Protandim was developed by Maynard, Massachusetts-based biotechnology company CereMedix, from which Lifeline has a license for the product. CereMedix discovered a group of peptides derived from proteins in the body that activate genes for natural antioxidant defenses. Specifically, Protandim upregulates the production of three antioxidants: Superoxide dismutase (SOD), catalase (CAT) and glutathione peroxidase (GPX). These provide a ready defense against the damage caused by free radicals.

There is much evidence that free radicals contribute to disease and aging, and that antioxidants can help stem some of the damage. SOD—codiscovered by McCord in 1969—is sometimes stated to be the most significant antioxidant enzyme in the body. In a press release, Lifeline calls SOD the body's primary antioxidant and points out that studies have linked it to aging in 14 different species, including humans. Species with the most SOD have been found to live the longest, and Lifeline says that studies have found that the longer life comes in the form of extended youthfulness.

Are antioxidants enough?

But despite such findings, we don't have a complete picture yet of how free radicals and antioxidants affect aging.

A recent critic of the free radical theory of aging is Tony Segal, director of University College London's Centre for Molecular Medicine. In a study published this February, Segal and colleagues found reason to question the basis for antioxidant supplementation. The researchers found that certain immune system cells kill microbes using enzymes rather than free radicals, which contradicted the theory that free radicals were the killers, and hence were toxic enough to damage cells. "Our work shows that the basic theory underlying the toxicity of oxygen radicals is flawed," Segal said of the study. "Many patients might be using expensive antioxidant drugs based upon completely invalid theories as to their therapeutic potential. All the theories relating to their causation of disease by antioxidants must, at the very least, be evaluated."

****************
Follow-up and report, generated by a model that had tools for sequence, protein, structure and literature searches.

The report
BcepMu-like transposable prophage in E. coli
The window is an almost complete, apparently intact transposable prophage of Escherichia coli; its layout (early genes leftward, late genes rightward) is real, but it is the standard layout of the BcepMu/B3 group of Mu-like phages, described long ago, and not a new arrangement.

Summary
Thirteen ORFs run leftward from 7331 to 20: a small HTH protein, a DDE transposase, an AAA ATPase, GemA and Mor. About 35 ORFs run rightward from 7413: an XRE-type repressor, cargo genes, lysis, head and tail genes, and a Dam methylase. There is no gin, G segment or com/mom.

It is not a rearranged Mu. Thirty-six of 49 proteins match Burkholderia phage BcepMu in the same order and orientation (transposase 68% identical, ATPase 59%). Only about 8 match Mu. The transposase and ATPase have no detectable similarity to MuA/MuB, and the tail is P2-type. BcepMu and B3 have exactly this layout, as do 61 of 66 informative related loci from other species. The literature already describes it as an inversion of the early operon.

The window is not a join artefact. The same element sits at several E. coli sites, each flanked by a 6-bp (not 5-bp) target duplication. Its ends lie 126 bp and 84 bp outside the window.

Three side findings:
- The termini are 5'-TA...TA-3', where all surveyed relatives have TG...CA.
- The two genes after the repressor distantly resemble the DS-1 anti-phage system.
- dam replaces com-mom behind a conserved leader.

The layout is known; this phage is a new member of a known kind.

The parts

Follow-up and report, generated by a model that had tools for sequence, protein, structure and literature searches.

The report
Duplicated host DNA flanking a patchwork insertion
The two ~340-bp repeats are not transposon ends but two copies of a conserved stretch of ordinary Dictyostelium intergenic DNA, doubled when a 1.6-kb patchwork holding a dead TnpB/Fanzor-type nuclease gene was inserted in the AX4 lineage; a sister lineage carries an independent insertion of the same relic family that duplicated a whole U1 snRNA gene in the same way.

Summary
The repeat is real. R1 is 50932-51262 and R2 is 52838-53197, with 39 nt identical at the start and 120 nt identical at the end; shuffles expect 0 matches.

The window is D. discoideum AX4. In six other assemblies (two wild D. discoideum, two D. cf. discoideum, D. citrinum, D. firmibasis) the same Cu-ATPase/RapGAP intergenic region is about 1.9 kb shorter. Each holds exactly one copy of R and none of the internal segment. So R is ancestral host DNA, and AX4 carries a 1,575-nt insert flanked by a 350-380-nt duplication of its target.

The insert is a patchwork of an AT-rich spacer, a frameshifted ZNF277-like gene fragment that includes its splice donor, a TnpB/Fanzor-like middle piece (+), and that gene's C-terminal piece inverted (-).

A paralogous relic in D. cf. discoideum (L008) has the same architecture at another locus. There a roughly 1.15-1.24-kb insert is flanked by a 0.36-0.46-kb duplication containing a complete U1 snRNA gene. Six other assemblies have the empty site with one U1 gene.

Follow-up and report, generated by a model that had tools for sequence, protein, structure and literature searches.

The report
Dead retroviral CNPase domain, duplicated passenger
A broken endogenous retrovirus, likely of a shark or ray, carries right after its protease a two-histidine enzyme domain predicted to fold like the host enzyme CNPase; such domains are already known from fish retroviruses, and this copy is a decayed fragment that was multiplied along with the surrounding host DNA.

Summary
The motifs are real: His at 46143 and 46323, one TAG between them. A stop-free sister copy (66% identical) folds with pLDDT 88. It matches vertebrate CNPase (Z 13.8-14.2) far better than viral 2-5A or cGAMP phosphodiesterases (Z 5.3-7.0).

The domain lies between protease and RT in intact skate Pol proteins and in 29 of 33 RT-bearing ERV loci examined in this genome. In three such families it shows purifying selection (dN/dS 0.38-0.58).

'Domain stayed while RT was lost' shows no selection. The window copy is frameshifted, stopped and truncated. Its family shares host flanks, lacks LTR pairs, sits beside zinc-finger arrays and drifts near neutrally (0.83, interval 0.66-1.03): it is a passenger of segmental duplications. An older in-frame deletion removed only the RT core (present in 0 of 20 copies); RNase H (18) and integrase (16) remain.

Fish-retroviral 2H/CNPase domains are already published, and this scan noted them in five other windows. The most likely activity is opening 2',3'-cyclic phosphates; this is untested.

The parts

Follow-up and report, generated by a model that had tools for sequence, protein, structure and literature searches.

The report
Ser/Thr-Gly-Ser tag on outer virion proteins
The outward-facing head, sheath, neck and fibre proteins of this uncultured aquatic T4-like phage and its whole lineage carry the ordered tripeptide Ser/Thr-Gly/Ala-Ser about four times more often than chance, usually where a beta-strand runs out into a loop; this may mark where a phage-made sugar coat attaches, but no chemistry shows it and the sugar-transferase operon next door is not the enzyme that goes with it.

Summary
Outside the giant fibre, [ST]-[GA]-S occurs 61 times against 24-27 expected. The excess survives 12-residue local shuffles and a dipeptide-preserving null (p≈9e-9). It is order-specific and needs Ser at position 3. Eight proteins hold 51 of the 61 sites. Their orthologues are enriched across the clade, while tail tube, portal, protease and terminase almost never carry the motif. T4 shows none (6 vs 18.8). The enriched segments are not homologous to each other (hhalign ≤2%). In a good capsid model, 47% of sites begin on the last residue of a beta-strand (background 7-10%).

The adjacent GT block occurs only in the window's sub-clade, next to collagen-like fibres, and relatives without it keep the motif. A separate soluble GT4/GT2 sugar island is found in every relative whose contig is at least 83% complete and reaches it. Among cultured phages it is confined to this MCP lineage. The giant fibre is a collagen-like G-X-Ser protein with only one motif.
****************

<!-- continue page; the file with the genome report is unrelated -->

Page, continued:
Another study by Joel Parker of the University of Lausanne in Switzerland and colleagues, published this March, also found reason to question the antioxidant-longevity link—and more specifically, to question the link between SOD and longevity. Examining the production of a form of SOD in ants, the researchers found that the ants' production of free radicals was more important than their production of antioxidants in determining their longevity.

While it's doubtful that such findings are enough to undo the entire free radical theory of aging, they remind us at the very least that there are still unknown aspects to it. So while Protandim may very well increase the body's production of powerful antioxidants, this in itself is no guarantee that it will extend healthy life expectancy.

There are also competing theories of aging that look beyond the damaging effects of free radicals and oxidative stress. One such school of thought is the evolutionary theory of aging, which states that aging is caused by both an organism's genetics and its environment.